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3/4 of mentally ill Bulgarians do not receive care

Photo: freepik.com

Seventy percent of people with mental health problems in Bulgaria receive no care. Those who undergo treatment in one of the 12 state psychiatric institutions are not receiving aftercare and follow-up care, it became clear during a discussion in Sofia on depression. According to World Health Organization projections, by 2030 depression will become the No 1 cause of disability.

Prof. Vihra Milanova

"We can definitely confirm that the number of patients with anxiety disorders or depression increased during the Covid-19 lockout and pandemic. The coronavirus itself can directly affect the central nervous system," explained Prof. Vihra Milanova, Head of the Psychiatry Clinic at the Aleksandrovska University Hospital.

The good news is that most of these disorders are transient. In her words, children have also been affected by online schooling and are now being referred to as "the Covid generation". There are patients among adolescents who have post-covid syndrome in terms of mental health, Prof. Vihra Milanova said.

Psychiatric screenings in 2021 are up 25,000 compared to 2019, according to the National Center for Public Health and Analysis (NCPHA). Neurology consultations have also increased dramatically, by 230,000. The demand for tranquilizers has grown, with sales of antidepressants jumping 7%. There were 150% more calls for help to hotlines for victims of domestic violence.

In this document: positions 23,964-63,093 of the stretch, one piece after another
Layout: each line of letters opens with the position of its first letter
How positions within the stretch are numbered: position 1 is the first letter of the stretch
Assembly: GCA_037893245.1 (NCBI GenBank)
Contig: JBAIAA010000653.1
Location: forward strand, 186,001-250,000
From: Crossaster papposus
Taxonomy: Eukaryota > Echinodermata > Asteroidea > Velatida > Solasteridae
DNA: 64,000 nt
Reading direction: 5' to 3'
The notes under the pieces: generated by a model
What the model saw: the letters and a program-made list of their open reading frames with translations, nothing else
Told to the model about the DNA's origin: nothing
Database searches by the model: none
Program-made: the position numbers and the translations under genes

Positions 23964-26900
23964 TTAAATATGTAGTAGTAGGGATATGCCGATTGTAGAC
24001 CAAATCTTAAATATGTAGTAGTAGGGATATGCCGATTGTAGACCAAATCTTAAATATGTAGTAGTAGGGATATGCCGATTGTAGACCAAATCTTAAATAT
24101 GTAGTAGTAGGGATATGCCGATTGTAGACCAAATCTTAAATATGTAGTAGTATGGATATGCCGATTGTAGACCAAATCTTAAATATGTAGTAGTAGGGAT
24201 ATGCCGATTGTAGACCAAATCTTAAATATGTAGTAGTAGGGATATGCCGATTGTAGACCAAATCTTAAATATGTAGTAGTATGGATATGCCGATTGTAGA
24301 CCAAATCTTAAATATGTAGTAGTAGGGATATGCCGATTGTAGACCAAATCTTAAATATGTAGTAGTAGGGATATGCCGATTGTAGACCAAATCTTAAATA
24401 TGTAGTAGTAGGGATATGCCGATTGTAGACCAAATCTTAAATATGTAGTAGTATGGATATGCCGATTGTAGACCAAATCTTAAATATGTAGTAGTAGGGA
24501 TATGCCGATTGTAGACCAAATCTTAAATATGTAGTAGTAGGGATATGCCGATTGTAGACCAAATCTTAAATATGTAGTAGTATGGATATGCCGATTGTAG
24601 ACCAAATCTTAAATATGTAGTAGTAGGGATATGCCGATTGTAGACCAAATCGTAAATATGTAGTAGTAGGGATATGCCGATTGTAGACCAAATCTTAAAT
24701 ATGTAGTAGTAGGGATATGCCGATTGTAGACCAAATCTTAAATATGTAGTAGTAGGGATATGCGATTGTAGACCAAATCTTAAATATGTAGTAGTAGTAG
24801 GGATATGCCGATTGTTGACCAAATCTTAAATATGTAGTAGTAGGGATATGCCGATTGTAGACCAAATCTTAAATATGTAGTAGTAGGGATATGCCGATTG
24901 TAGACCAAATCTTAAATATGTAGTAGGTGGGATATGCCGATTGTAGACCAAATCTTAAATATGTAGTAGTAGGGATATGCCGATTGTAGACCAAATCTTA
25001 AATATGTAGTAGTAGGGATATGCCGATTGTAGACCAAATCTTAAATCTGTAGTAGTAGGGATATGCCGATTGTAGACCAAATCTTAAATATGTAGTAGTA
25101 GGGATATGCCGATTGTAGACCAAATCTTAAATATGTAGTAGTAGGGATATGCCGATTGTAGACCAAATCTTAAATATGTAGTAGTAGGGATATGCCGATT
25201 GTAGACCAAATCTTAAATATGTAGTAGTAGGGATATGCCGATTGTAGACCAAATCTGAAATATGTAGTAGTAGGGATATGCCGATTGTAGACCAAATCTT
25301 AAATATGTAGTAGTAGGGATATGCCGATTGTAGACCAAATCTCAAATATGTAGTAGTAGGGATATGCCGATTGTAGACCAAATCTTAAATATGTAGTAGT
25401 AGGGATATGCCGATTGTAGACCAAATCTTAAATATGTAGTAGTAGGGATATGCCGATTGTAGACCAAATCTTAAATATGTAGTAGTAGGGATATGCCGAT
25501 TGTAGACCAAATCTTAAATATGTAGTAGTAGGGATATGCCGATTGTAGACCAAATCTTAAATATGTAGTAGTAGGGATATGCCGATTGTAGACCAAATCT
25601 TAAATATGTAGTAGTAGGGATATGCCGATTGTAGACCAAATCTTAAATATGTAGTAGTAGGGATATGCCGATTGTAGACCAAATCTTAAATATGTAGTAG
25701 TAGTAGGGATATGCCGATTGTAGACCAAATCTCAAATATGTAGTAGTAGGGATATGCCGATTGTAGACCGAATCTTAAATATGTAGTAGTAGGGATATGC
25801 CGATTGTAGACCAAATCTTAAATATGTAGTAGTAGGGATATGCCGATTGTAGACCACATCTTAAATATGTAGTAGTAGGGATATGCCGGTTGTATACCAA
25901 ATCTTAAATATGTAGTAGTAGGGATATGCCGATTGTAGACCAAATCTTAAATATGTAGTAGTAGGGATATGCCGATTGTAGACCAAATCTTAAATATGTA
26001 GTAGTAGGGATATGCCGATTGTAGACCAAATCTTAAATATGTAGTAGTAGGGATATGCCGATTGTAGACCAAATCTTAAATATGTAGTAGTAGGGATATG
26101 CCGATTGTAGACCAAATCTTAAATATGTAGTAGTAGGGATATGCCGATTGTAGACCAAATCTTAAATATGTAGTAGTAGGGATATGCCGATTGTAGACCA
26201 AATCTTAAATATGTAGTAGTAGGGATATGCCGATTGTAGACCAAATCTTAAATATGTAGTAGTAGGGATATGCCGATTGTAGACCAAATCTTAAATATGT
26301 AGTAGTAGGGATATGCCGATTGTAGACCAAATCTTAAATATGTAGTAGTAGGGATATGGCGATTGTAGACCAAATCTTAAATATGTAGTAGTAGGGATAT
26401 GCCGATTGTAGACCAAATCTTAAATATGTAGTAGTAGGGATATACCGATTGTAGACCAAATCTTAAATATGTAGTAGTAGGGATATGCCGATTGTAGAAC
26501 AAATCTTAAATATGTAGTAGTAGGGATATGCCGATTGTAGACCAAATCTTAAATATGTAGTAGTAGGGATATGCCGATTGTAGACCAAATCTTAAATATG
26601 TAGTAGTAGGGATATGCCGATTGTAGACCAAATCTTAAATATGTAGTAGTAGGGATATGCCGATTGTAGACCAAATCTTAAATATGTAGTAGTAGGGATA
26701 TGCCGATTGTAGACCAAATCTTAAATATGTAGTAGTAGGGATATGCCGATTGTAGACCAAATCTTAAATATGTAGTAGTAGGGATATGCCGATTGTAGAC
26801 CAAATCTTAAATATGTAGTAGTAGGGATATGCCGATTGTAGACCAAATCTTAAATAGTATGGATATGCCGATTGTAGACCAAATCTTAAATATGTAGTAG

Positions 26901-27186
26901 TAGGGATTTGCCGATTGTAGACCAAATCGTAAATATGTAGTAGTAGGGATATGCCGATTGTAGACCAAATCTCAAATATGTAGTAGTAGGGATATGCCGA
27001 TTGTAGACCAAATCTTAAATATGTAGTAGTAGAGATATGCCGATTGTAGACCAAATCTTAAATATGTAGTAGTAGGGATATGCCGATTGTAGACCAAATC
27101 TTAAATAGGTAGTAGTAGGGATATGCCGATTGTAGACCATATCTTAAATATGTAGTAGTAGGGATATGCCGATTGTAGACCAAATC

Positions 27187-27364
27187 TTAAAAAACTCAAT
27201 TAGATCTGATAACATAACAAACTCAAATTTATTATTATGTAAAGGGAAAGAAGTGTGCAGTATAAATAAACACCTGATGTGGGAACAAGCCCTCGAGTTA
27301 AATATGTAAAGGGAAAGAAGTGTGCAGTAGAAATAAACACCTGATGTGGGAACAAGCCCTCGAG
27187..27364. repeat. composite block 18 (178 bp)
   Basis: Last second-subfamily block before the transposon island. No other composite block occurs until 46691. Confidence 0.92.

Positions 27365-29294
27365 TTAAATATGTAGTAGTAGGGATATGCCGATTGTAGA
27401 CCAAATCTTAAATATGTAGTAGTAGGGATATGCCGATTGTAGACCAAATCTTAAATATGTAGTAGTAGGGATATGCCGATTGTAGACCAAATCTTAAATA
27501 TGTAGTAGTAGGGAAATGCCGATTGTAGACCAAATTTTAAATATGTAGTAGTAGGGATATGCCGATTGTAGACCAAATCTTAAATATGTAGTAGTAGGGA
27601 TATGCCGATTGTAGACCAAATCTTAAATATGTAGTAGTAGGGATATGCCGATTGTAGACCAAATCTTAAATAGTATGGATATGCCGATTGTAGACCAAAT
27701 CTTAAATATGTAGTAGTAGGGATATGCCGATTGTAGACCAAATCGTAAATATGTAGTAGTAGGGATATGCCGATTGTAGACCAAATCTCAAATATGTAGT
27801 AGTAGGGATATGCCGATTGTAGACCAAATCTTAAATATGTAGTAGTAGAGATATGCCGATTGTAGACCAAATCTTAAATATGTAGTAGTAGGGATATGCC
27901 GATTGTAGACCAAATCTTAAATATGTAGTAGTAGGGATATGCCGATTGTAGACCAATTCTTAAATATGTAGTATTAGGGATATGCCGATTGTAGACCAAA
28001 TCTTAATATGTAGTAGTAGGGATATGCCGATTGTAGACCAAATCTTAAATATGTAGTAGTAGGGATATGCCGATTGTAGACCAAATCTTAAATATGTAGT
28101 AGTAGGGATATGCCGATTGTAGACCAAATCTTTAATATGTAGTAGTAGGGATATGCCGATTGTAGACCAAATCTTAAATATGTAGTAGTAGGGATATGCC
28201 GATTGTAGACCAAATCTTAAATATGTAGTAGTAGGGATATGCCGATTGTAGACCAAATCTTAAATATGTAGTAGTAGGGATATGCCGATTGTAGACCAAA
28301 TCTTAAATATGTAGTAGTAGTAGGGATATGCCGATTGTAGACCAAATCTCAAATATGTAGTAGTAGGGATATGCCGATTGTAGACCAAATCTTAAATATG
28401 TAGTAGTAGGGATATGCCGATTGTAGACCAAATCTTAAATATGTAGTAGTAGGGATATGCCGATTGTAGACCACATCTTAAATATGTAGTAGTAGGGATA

One-third of all patients with severe depression have treatment-resistant depression that is not responding to current antidepressants, the experts said. These patients have a 50% increased risk of cardiovascular disease, a 29% increased risk of malignancy, an increased risk of suicide, and a 38-50% decreased quality of life.

And yet, despite the high incidence, after receiving inpatient treatment, Bulgarian patients cannot be referred for aftercare, as it is not provided by the state. Outside inpatient treatment in the 12 state psychiatric hospitals, only private psychiatric services are offered. At the same time, of the nearly 500 psychiatrists in the country, only 1% have a private practice, making it extremely difficult for patients to reach them.

Medical and social care in Bulgaria are separate and there is no working system to objectively assess the condition of people with mental illness and their needs, the head of the Psychiatry Clinic at the Alexandrovska University Hospital explained.

"Over the years, mental health in our country has been neglected. This is my observation from the last years and when I am asked what needs to change, I answer that there is no one solution, the problems are complex, but it is high time to help both people with mental health problems and those who care for them", said Prof. Dr. Milanova in an interview for BNR on the occasion of the World Mental Health Day.

Interview by Gergana Hrischeva, BNR Horizont

Photos: library, freepik.com
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